In the present study, we investigated whether GO as a vehicle for BMP2 improves the BMP2 effect on cartilage protection. The findings of this study may further expand the applications of GO to the biomedical field, which includes utilization as a novel treatment scheme for osteoarthritis.
Materials and methods
Rat bone marrow stem cells (BMSCs) and chondrocytes were purchased from the Institute of Biochemistry and Cell Biology, CAS (Shanghai, China) and cultured in Dulbecco’s Modified Eagle’s Medium (DMEM; GibcoBRL, Gaithersburg, MD, USA) supplemented with 10% (v/v) fetal bovine serum (FBS, Gibco, Thermofisher Scientific, Waltham, MA, USA). The medium was replaced every 2 days. BMSCs after four passages were used in the experiments. Chondrocytes after three passages were used in the experiments. All the cells were kept at 37°C.
GO flakes were purchased from Chengdu Organic Chemicals Co., Ltd. Chinese Academy of Science (Chengdu, China) and examined by scanning electron microscopy (SEM, JSM-6701F; JEOL, Tokyo, Japan) after platinum coating. The samples were observed under a scanning electron microscope (Hitachi S3000N) at an accelerating voltage of 15 kV. The size distribution of the GO flakes was determined using a zeta electric potential-based spectrophotometer (Zetasizer3000HSA; Malvern Instruments, Malvern, UK). The thickness of the GO flakes was determined by atomic force microscopy (AFM, MultiMode; Veeco, Santa Barbara, CA, USA) coupled with an inverted microscope (IX71 inverted microscope; Olympus, Tokyo, Japan). Thermal gravimetric analysis and differential scanning calorimetry were performed by using a Thermogravimetric Analyzer (TGA)/Differential Scanning Calorimeter (DSC) thermal gravimetric analyzer (Pyris 1 TGA; Perkin-Elmer, Waltham, MA, USA), which involved placing the samples in aluminum pans, which were then heated from 25°C to 1,100°C at a rate of 10°C/min.
BMP2 adsorption onto GO
GO flakes were labeled with 1,1-dioctadecyl-3,3,3,3-tetramethylindocarbocyanine perchlorate (DiI; Sigma, St Louis, MO, USA). For BMP2 adsorption, fluorescein isothiocyanate (FITC; Thermo Scientific, Rockford, IL, USA)-conjugated BMP2 (Huaan Co., Hangzhou, China) and DiI-labeled GO were mixed with phosphate-buffered saline (PBS) and incubated for 4 h at 4°C. The ratio of GO to BMP2 was 1:1 by weight. To determine the amount of BMP2 that should be loaded onto GO, 1 μg of BMP2 was added to 20 μL of PBS containing GO and incubated for 4 h at 4°C. BMP2 adsorbed onto GO was visualized using a laser scanning confocal microscope (IX81-FV1000 inverted microscope; Olympus). To confirm BMP2 adsorption onto GO, Fourier-transformed infrared spectroscopy (FTIR) was performed using a Nicolet 5700 spectrometer (Thermo Electron Scientific Instruments Corp., Madison, WI, USA) on pellets (10 mm in diameter), which were prepared by mixing 2 mg of samples with 100 mg of KBr in a mortar and pressing, to produce the pellets to be analyzed. Spectra were analyzed after baseline correction by using the software EZ OMNIC (Nicolet Thermo Electron Scientific Instruments LLC, Madison, WI, USA).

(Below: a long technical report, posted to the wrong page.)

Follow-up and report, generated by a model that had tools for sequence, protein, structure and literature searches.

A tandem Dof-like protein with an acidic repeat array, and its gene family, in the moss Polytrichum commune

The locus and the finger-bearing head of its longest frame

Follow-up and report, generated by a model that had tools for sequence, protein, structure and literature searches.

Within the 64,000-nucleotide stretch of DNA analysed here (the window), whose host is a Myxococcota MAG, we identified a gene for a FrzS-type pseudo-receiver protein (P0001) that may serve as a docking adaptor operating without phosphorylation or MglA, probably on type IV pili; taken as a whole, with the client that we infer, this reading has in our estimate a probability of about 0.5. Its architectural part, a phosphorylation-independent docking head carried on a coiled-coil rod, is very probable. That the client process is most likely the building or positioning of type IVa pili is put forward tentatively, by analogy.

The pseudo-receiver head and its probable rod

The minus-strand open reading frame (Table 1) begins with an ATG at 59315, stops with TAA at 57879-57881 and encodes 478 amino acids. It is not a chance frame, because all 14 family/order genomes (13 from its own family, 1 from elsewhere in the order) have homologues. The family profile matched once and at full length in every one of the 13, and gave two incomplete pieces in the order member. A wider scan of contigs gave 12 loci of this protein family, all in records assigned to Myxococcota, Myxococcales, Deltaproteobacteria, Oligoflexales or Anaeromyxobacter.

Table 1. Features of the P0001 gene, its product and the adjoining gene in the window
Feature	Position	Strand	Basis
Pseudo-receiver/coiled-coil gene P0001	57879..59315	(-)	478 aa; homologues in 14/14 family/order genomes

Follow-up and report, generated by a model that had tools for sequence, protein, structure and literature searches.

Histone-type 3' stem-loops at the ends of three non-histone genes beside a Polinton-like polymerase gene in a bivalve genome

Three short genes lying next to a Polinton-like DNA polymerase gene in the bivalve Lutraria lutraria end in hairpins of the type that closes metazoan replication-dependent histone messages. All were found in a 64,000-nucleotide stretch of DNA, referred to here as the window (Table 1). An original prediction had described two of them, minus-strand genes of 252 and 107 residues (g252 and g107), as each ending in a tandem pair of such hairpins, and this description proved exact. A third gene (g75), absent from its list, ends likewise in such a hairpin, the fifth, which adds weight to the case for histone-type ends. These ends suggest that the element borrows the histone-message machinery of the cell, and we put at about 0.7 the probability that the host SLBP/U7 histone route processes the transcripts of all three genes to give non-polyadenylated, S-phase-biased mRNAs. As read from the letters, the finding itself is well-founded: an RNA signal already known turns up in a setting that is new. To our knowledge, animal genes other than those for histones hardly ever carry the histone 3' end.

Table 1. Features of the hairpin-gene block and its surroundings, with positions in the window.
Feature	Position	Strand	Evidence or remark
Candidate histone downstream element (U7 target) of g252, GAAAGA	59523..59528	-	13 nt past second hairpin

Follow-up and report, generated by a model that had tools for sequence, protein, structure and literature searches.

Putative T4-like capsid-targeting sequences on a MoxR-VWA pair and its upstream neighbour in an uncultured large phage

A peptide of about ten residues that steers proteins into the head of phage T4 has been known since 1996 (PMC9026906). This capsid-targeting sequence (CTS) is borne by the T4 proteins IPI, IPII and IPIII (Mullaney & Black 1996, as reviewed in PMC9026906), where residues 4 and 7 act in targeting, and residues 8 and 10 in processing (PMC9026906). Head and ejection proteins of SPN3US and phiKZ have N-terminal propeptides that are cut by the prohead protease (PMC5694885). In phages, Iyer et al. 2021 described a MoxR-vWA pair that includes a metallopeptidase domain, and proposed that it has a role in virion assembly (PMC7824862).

Release kinetics of BMP2
The release profiles of BMP2 at various concentrations (10 μg/mL, 20 μg/mL, and 20 μg/mL) absorbed onto GO with or without hydrogels were determined by enzyme-linked immunosorbent assays (ELISAs; R&D Systems Inc., Minneapolis, MN, USA). Following incubation for 4 h at 4°C, an ELISA of the supernatant showed that all the BMP2 had adsorbed onto GO. Hydrogel was purchased from SaiYe Co. (Guangzhou, China). Hydrogel was prepared by mixing hydrogel (100 mg/mL) dissolved in PBS solution with 10 mL of that dissolved in a calcium chloride solution (6 mg/mL). The BMP2-loaded GO was resuspended in 0.5 mL of the hydrogel mixture and immersed in a 60 mm culture dish containing 1.5 mL of PBS. The dishes were then incubated at 37°C. At various time points, the supernatant was collected after continuous agitation with a shaker mechanically before removal of sample, and fresh buffer was added to the culture dishes. The concentration of BMP2 in the supernatant was determined using ELISA.
GO biocompatibility assay
The BMSCs and chondrocyte cultures were treated with the GO flakes with 10 μg/mL BMP2 for 1 day, 3 days, 5 days, 7 days, and 10 days. Cell viability was evaluated using the cell counting kit-8 (CCK8) assay as previously described. The absorbance of each sample was measured at a wavelength of 570 nm (n=5 for each group). Giemsa staining assay was performed to determine the activity of BMSCs and chondrocytes cultured with or without GO (BMP2: 20 μg/mL) according to the manufacturer’s instructions. The number of F-actin-positive cells was also counted. Images of 30 different areas in each group were randomly selected, captured, and used in the calculations.
Flow cytometric characterization
BMSCs and chondrocytes were harvested by trypsinization and labeled with the following fluorescent dye: Hoechst33258 and Annexin V-FITC/propidine iodide (PI). Cell cycle staging and cell apoptosis were determined by using a Flow Cytometry Analysis Kit (Lianke, Hang Zhou, China). Labeling was performed for 30 min at 4°C in the presence of a blocking reagent (Lianke), followed by two washing steps using PBS. After washing and fixing, at least 104 cells were acquired and analyzed. Flow cytometric analysis was performed using a Becton Dickinson FACSCanto II.